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Brazilian Oral Research

On-line version ISSN 1807-3107

Braz. oral res. vol.31  São Paulo  2017  Epub July 03, 2017

http://dx.doi.org/10.1590/1807-3107bor-2017.vol31.0052 

Original Research

Differential diagnosis and clinical management of periapical radiopaque/hyperdense jaw lesions

Brunno Santos Freitas SILVA(a) 

Mike Reis BUENO(b) 

Fernanda P. YAMAMOTO-SILVA(c) 

Ricardo Santiago GOMEZ(d) 

Ove Andreas PETERS(e) 

Carlos ESTRELA(c) 

(a)Universidade de Anápolis, School of Dentistry, Department of Oral Diagnosis, Anápolis, GO, Brazil.

(b)Universidade de Cuiabá – UNIC, School of Dentistry, Department of Stomatology, University of Cuiabá, Cuibá, MT, Brazil

(c)Universidade Federal de Goiás – UFG, School of Dentistry, Department of Stomatologic Sciences, Goiânia, GO, Brazil.

(d)Universidade Federal de Minas Gerias – UFMG, School of Dentistry, Department of Oral Surgery and Pathology, Belo Horizonte, MG, Brazil.

(e)University of the Pacific, Arthur A. Dugoni School of Dentistry, Department of Endodontics, San Francisco, CA, United States of America.

Abstract

Great attention has been given to the study of radiolucent periapical lesions to avert possible misdiagnosis of apical periodontitis associated with certain radiolucent non-endodontic lesions. However, there are a significant number of radiopaque lesions found in the periapical region, which could be equally relevant to endodontic practice. The diagnosis and management of these radiopaque/hyperdense lesions could be challenging to the endodontist. These bone alterations could be neoplastic, dysplastic or of metabolic origin. In the context of the more widespread use of cone-beam CT, a detailed review of radiopaque inflammatory and non-inflammatory lesions is timely and may aid clinicians perform a differential diagnosis of these lesions. Distinguishing between inflammatory and non-inflammatory lesions simplifies diagnosis and consequently aids in choosing the correct therapeutic regimen. This review discusses the literature regarding the clinical, radiographic, histological and management aspects of radiopaque/hyperdense lesions, and illustrates the differential diagnoses of these lesions.

Key words: Periapical Peridodontitis; Diagnosis, Differential

Introduction

The decision-making process for a therapeutic protocol in root canal infection must be based on an efficient diagnosis.1 Dental granuloma, radicular cyst and periapical abscess represent periapical changes of frequent occurrence.2 The progressive stages of inflammation and periapical bone structure resulting in resorption are identified as exhibiting radiolucency on radiographic exams.3 However, radiopaque lesions are also identified near the apex of the teeth and should receive attention, because they may be of endodontic or non-endodontic origin.4 Osteoblastic and osteoclastic activity has been associated with low-grade chronic periapical inflammation.5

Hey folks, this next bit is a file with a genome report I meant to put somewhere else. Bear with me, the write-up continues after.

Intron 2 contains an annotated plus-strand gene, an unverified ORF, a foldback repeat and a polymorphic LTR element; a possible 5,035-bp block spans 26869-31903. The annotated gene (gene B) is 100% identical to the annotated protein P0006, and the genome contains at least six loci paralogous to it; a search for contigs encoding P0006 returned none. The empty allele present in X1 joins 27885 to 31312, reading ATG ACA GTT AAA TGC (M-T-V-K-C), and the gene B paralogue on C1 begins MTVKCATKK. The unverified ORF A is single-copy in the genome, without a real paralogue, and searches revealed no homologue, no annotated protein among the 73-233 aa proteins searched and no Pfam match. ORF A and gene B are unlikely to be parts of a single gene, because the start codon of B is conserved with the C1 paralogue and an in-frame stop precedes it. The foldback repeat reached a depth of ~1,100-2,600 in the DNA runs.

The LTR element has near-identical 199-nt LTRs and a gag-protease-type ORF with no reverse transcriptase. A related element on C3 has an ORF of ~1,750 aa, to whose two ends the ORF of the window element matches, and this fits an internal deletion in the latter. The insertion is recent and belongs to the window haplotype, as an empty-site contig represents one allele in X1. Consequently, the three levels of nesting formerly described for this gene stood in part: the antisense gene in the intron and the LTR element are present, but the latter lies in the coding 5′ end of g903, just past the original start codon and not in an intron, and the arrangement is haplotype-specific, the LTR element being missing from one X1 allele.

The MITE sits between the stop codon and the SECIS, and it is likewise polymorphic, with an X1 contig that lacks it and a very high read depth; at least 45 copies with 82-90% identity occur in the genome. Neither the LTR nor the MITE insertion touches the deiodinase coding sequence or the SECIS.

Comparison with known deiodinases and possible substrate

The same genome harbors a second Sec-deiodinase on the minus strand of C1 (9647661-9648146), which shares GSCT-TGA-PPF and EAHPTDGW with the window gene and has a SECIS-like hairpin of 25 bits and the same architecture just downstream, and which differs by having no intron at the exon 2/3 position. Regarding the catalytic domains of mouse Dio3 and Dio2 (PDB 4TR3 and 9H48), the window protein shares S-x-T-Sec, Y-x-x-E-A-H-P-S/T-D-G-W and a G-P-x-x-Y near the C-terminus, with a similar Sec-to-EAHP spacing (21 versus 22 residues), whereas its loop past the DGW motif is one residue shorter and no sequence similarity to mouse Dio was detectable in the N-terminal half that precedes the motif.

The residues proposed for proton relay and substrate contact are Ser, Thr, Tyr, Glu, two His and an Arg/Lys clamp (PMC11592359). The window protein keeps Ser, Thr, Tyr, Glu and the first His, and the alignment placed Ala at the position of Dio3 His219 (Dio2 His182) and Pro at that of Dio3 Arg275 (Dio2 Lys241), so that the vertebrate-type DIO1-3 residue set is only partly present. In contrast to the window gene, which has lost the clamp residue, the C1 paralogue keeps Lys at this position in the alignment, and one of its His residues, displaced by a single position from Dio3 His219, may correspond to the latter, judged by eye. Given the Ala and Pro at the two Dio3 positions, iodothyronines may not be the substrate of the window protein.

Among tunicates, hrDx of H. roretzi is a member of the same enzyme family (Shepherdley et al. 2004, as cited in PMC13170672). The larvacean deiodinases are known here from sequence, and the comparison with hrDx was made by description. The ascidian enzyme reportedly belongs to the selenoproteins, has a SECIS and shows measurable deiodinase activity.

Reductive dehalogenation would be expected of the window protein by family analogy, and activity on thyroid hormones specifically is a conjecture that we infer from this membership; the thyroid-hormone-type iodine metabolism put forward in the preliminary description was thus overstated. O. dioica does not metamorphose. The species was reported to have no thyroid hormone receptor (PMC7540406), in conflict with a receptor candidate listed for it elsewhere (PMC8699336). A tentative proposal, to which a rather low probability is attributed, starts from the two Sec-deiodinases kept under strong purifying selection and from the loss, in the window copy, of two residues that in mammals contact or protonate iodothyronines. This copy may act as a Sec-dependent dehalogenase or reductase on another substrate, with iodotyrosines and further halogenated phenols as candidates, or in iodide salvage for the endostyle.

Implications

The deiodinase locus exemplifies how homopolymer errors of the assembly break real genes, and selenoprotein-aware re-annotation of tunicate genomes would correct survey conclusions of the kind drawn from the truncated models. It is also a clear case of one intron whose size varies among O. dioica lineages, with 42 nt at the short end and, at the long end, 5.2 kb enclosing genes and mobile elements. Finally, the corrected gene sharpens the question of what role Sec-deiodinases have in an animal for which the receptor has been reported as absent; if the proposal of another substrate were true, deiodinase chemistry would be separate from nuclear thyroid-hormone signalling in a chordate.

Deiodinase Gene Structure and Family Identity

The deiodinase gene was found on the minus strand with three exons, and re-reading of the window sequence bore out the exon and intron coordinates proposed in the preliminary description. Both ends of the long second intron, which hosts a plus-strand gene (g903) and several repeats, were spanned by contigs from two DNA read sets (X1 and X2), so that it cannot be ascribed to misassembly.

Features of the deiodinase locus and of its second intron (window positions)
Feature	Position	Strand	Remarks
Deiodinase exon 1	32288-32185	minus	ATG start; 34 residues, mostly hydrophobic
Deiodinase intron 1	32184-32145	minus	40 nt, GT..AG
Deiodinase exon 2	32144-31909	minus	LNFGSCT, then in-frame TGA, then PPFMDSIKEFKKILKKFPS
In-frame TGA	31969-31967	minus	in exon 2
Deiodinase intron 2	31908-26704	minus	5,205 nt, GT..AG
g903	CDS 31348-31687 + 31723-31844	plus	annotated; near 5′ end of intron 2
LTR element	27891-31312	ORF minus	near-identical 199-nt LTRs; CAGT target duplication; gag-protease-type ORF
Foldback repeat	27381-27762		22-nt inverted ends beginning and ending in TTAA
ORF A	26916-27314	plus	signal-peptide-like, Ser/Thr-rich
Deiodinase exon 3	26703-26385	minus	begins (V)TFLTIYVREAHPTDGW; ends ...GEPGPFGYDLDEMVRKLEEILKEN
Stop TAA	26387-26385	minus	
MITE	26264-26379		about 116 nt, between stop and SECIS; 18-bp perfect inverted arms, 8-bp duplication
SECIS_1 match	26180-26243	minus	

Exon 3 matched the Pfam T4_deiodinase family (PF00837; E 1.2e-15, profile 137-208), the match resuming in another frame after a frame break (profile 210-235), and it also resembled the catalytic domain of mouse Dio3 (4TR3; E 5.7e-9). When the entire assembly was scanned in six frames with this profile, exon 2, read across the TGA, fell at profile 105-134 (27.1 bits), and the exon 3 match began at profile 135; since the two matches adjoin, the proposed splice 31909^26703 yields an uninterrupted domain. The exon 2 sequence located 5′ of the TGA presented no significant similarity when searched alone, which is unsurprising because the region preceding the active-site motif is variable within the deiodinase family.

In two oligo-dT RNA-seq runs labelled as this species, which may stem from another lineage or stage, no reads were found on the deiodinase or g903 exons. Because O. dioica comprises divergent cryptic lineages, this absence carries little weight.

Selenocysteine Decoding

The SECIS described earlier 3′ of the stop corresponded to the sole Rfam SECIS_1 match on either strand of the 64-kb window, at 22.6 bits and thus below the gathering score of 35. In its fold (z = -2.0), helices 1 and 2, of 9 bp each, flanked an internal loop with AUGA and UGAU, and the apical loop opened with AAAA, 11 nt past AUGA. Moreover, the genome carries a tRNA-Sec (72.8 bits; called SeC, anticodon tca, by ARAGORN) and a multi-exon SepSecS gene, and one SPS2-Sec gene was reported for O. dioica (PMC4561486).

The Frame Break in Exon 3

Imaging exams could produce essential information about margination, the relationship between the lesion and adjacent teeth, and the internal content of the lesion, especially in cases containing calcified deposits.6.Great attention has been given to the study of radiolucent periapical lesions to avert possible misdiagnosis of apical periodontitis (AP) associated with certain radiolucent non-endodontic lesions.4,7 However, there are a significant number of radiopaque lesions that are found in the periapical region, which could be equally relevant to endodontic practice.8,9,10,11

Endodontic diagnosis is dependent on clinical and radiographic examinations. Periapical radiographs and cone beam computed tomography (CBCT) images represent important exams in the detection and diagnosis of inflammatory, dysplastic and neoplastic periapical diseases.12,13,14 For many clinicians, the diagnosis and management of radiopaque/hyperdense lesions could be extremely challenging. In 1985, Bender and Mori discussed the diagnostic considerations of certain periapical and periodontal radiopacities of endodontic and periodontal origin.15 A detailed review of radiopaque inflammatory and non-inflammatory lesions could be opportune and aid the endodontist and clinician in carrying out a differential diagnosis of these lesions.

This study reviewed the literature regarding the clinical, radiographic, histological and management aspects of radiopaque/hyperdense lesions, and discusses the differential diagnoses of these lesions.

Methodology

In the present study, a search was performed in the PubMed online database to identify the available studies, reviews and case reports on radiopaque/hyperdense inflammatory and non-inflammatory lesions of the jaws, particularly those that could occur in the periapical region. The search included only articles in the following areas, published in English and in indexed dental or medical journals, addressing information concerning radiopaque lesions: etiology; clinical aspects; radiographic characteristics; histological characteristics; and management. An additional hand search was performed in the following journals: Journal of Endodontics; Oral Surgery, Oral Medicine, Oral Pathology, Oral Radiology; Oral Oncology; International Endodontic Journal; and Head and Neck Pathology. The selected articles were included only when judged to contain relevant and pertinent information by the authors of this study, representing different areas of dentistry (endodontics – CE and OAP; oral pathology – BSFS and RSG; oral radiology – MRB and FPYS; and oral medicine – FPYS). The World Health Organization (WHO) Classification of Head and Neck Tumours16 and the Oral and Maxillofacial Pathology textbook published by Neville et al.2 were included in this study due to their relevance in the area of oral pathology, and served as a parameter in cases of any divergence in the information collected in the selected articles or lack of pertinent information on certain diseases in the literature. A total of 22 entities were described in the pertinent literature (Table). Broadly, disease entities may be inflammatory, non-inflammatory, neoplastic and metabolic in nature. The following review details clinical and radiographic features of specific diseases in the four groups.